Guest Article: Kennewick’s historic port revitalizes its riverfront and urban core

In March of 2015, the Port of Kennewick (in Kennewick, Washington), celebrated its 100th anniversary as a port district. The Port of Kennewick is the fifth-oldest of the 76 ports in Washington State.

CableBridge

View of cable bridge from trail

It was the very first port established in eastern Washington–organized just a few years after the Washington State Legislature approved a bill in 1911 authorizing the formation of port districts for economic development.

Since 1915, the port’s mission and services have evolved as the local economy has grown.

What started out as a small port district providing docking and terminal facilities for steamboats has grown to a 485-square-mile district serving the cities of Kennewick and West Richland, and portions of the city of Richland, Benton City, and Benton County.

Today the port’s mission is to facilitate trade and economic development and promote tourism.

The Port of Kennewick is leading efforts to reclaim and revitalize Kennewick’s historic downtown/waterfront neighborhoods; and redeveloping a 103-acre former general-aviation airfield into a “regional town center” to benefit the entire area.

Reclaiming the Riverfront

flood

1948 flood

When the U.S. Army Corps of Engineers completed McNary Dam in 1954, a flood-weary community celebrated. The dam provided a new source of electricity generation and it tamed the mighty Columbia River. However, the 20+ foot-tall, rip-rap levees—built to control slack water pooled behind the dam—degraded the riparian ecosystem and essentially walled the community off from the river.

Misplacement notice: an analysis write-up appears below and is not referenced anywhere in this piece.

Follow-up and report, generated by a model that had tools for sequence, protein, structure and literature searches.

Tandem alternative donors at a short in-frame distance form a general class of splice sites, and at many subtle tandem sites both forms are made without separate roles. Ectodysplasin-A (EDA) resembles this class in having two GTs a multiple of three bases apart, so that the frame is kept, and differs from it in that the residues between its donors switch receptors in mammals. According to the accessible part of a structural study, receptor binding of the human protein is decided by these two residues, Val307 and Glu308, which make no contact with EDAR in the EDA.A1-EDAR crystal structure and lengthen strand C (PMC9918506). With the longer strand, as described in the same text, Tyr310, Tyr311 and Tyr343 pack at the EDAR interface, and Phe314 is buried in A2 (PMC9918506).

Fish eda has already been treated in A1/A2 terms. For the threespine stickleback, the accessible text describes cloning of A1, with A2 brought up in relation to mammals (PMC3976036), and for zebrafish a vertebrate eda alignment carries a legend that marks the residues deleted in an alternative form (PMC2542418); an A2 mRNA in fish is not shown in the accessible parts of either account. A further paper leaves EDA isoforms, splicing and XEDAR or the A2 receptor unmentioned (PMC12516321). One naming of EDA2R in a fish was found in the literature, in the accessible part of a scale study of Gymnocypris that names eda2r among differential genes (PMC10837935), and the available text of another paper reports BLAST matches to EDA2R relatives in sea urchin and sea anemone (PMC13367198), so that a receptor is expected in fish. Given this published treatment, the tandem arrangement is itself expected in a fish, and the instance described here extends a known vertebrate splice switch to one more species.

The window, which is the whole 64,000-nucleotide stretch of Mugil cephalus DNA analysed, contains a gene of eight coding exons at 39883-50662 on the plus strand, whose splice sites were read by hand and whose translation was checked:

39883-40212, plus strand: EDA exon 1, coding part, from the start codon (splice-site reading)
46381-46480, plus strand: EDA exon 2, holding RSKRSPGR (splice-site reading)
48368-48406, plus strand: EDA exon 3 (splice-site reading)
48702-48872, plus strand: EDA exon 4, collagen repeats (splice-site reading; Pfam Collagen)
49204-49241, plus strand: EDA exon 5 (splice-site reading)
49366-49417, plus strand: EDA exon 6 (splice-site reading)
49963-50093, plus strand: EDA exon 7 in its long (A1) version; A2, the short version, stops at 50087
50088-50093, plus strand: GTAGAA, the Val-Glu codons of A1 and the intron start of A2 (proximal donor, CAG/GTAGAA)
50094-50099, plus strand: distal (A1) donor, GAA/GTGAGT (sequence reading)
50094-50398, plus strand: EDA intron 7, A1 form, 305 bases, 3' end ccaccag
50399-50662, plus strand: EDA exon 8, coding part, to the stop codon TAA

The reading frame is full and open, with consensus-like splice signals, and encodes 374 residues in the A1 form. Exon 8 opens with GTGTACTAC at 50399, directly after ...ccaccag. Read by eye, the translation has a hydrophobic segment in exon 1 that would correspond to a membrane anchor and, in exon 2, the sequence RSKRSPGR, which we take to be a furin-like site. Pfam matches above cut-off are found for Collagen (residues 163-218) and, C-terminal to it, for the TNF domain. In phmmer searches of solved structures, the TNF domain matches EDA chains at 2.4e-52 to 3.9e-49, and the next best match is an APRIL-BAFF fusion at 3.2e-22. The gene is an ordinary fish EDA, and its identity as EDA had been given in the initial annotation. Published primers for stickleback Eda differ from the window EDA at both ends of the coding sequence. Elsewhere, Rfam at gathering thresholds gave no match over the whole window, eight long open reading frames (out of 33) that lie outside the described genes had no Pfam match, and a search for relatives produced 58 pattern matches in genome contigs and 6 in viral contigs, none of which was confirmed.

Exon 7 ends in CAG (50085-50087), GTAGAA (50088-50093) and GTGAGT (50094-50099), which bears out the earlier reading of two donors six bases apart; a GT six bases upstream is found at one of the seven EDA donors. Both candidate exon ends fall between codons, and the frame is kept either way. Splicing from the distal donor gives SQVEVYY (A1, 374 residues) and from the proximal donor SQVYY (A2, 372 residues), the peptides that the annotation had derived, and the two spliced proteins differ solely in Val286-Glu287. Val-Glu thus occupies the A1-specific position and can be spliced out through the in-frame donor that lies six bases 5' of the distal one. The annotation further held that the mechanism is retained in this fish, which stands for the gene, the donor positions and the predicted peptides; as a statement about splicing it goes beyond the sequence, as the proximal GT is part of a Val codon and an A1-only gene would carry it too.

Thereafter, development moved southward—away from the waterfront and downtown. And, as a result, the industrial riverfront, which had been the community’s lifeblood, became a tired, distressed area. Now, citizens are clamoring for more and better access to the Columbia River—for ecosystem restoration, recreation, sustainable development, and for ways to reconnect with the magic of the river.

SacagaweaHeritageTrail

Sacagawea Heritage Trail

To meet that need, the cities lowered the levees and created the Sacagawea Heritage Trail—a 21-mile, paved bicycling/pedestrian pathway on top of the lowered levees. And over the past decade, Port of Kennewick has been working to revitalize Clover Island—a 14-acre-island, accessible via a land bridge—into a destination waterfront.